Barefoot Gallery Colombo
The Barefoot Gallery Colombo serves as a platform for artists, musicians, poets and filmmakers. The space is used in a variety of ways: exhibitions by local and foreign artists and photographers, (including The World Press Photo) concerts, poetry readings, film nights and theatre. The café on its premises hosts private dinners and parties at night and is home to Colombo’s most popular pub quiz.
After a hiatus, it reopened in 1991 as “Gallery 706 Colombo” and was the first commercial art gallery in Sri Lanka. The salon type atmosphere prevailed and Gallery 706 hosted a number of exhibitions in the 1990’s by artists such as Jagath Weerasinghe, Chandraguptha Thenuwara, Anoli Perera, and Muhanned Cader. It also presented exhibitions of work by visitors, either those living temporarily in the island or others just passing through. Three notable exhibitions were a retrospective by George Classen in 1993, an exhibition of acrylics on paper by Ivan Peries in 1996, both were members of the illustrious 43 Group that was founded by Lionel Wendt in 1943; And, a comprehensive exhibition of Lionel Wendt photographs that went up for view and sale – a request from the owners of the collection that the directors of Gallery 706 were happy to oblige. 150 pictures were selected from a substantial 600.
In 1999 came further expansion and the gallery moved into a new building, and the name changed to Barefoot Gallery Colombo to consolidate all of Barefoot’s different activities under one umbrella. Artists that came on board and exhibit regularly with us are: Alex Stewart, Barbara Sansoni and the designers at Barefoot, photographer Dominic Sansoni, Druvinka, Josephine Balakrishnan, Laki Senanayake, Mahen Chanmugum, Nelun Harasgama, and Neville and Sybil Weereratne.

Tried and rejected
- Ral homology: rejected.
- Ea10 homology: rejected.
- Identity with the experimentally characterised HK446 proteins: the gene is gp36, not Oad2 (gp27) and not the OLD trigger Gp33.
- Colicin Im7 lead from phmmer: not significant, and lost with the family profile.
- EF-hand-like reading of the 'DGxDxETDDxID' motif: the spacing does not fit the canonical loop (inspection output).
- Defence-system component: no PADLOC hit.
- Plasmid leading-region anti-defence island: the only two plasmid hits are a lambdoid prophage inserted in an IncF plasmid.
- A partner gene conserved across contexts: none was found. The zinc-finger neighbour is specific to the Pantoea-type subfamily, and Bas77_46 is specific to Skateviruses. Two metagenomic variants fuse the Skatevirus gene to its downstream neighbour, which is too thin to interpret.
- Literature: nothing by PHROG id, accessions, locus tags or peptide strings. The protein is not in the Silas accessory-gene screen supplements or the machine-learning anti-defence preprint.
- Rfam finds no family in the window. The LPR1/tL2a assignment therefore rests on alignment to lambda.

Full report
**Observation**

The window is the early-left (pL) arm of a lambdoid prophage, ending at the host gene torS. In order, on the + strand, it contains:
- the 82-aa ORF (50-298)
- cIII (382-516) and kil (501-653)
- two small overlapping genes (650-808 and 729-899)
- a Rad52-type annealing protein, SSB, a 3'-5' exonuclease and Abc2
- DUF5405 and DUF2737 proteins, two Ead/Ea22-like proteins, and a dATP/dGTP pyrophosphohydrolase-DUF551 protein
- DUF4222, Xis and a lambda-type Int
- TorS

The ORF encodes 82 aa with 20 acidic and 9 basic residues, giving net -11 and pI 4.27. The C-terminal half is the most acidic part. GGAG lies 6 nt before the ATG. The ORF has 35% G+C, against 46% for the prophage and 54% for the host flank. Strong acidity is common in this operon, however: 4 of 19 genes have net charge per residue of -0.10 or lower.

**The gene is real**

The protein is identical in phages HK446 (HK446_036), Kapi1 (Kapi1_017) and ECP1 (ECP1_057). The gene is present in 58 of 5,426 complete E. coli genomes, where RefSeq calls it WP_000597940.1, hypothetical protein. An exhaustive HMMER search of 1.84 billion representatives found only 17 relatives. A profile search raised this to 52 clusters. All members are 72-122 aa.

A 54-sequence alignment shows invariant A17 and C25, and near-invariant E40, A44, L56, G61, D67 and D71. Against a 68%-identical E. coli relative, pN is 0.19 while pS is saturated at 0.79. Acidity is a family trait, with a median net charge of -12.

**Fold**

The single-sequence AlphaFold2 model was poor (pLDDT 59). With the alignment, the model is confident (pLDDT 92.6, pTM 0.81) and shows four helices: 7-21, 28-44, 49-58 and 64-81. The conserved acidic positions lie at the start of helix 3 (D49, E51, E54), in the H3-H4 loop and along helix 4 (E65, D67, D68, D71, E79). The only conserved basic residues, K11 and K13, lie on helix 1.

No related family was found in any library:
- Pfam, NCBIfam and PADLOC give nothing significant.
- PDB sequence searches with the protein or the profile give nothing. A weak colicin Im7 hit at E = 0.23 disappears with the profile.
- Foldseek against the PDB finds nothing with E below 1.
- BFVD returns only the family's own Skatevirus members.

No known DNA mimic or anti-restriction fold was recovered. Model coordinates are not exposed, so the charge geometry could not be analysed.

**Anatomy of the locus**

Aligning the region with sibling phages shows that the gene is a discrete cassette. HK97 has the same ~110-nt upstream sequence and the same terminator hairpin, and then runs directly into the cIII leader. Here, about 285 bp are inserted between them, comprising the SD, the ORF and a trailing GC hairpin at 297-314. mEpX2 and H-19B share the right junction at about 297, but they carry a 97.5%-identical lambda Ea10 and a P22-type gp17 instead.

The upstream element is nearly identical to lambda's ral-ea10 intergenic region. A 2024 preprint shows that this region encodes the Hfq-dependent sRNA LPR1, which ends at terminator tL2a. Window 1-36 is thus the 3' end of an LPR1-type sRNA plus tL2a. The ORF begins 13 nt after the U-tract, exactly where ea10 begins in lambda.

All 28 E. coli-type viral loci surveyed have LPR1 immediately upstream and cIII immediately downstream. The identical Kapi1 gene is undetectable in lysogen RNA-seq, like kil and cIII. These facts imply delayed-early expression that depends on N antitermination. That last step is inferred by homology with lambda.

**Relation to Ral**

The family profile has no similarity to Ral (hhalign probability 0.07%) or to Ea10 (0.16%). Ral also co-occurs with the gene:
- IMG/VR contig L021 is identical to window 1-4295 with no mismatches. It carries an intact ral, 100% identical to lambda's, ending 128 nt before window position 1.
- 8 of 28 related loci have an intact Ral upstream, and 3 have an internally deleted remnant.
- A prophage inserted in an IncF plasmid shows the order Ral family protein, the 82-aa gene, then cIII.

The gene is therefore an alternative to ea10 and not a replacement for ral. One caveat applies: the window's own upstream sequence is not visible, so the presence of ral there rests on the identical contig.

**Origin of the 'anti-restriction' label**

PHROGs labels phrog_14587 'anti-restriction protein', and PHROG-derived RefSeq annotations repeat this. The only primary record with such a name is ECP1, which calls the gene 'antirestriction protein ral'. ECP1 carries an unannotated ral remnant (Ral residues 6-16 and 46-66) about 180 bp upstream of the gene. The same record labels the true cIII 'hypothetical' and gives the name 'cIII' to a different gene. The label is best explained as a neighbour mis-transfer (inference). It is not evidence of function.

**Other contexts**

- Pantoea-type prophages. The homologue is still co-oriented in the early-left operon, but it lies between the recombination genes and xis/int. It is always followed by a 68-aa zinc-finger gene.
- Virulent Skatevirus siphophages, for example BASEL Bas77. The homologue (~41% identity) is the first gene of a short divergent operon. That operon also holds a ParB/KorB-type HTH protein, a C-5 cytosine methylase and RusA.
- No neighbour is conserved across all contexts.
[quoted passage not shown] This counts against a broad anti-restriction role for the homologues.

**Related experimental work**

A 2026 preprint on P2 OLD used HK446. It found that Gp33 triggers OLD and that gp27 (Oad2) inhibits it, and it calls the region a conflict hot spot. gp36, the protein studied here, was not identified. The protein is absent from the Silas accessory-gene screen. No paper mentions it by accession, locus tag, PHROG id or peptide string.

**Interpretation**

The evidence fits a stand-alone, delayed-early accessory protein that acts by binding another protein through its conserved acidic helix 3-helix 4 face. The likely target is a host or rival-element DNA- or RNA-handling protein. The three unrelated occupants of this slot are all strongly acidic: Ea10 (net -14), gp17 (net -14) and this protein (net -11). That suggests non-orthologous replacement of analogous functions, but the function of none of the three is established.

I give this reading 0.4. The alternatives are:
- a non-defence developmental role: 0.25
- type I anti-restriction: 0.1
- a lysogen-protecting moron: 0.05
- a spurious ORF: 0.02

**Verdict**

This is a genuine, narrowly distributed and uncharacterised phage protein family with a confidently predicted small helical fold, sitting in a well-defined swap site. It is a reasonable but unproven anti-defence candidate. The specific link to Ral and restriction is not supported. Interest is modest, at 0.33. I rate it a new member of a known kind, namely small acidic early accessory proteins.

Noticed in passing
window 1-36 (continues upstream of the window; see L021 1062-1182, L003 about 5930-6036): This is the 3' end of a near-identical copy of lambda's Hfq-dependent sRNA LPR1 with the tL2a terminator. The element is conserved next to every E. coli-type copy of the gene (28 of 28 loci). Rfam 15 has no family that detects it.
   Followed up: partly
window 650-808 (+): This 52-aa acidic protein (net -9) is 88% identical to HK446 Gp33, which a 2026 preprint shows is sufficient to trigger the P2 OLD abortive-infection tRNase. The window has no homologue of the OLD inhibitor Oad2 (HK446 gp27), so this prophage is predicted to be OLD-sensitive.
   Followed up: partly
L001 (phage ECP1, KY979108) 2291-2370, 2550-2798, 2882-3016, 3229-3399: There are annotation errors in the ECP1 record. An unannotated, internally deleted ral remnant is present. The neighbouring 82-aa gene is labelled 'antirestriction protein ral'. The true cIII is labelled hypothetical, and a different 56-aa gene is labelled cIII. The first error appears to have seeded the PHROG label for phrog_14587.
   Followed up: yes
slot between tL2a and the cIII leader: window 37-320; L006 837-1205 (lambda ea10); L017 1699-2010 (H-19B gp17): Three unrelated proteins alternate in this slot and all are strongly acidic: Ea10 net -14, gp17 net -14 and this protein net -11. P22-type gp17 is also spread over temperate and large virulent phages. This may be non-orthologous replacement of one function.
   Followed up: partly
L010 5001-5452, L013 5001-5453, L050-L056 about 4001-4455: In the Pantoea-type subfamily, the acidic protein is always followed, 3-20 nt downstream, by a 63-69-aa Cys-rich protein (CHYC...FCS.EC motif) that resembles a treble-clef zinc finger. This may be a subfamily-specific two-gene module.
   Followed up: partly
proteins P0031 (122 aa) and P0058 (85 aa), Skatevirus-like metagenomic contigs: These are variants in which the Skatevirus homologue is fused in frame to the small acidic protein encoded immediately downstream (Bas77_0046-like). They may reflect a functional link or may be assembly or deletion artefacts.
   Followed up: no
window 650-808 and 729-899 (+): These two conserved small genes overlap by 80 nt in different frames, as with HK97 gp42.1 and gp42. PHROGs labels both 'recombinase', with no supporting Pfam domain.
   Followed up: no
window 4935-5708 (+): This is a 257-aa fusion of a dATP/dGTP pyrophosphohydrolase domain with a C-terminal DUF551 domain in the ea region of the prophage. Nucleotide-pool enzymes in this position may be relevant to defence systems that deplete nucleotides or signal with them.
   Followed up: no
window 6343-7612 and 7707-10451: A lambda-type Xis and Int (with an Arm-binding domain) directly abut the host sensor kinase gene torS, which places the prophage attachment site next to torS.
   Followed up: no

The responsibility of the gallery is to ensure that the work that is shown under its auspices is genuine, well executed and interesting. In this way, Barefoot helps cultivate the arts.
Visual Paraphrases by Prof. Sarath Chandrajeewa
We are pleased to announce our newest exhibition - "Visual Paraphrases"by Professor Sarath Chandrajeewa.The exhibition will open on the 24th of November and will remain open until the10th of December."I believe Visually Grounded Paraphrases (VGPs) have transformed a single visual concept capable of eliciting diverse emotions. On the visual plane of expression, this is an intuitively uncomplicated juxtaposition of various sensuous forms, shapes, texture, colours and lines. These exercises are a test for my senses and emotions. They implant personal, cultural, social and political incidents in my mind. These are attempts to express those feelings through the visual art medium. A principle which dominates my compositions is the concept of sectional space." -Sarath Chandrajeewa
Memory Wall by Chamila Gamage
“Memory Wall” symbolises a conceptual representation of collective memories tied to significant events. In this case, the 2004 Tsunami, the 30-year Civil War, and the 2019 Economic Crisis in Sri Lanka. Rather than a tangible barricade, this “Memory Wall” acts as a symbol for commemorating local narratives, and experiences, through art.Each artwork contributes to the larger narrative of how these events impacted individuals and society. For those visiting the exhibition, this wall of memories becomes a platform for retrospection, offering insights into the past, contemplation of the present, and of what lies ahead.In essence, “Memory Wall” is a concept that represents the idea that memories are like bricks, building the wall of our collective history and identity. It provides a powerful and evocative way to explore and remember significant events and their lasting effects.Chamila Gamage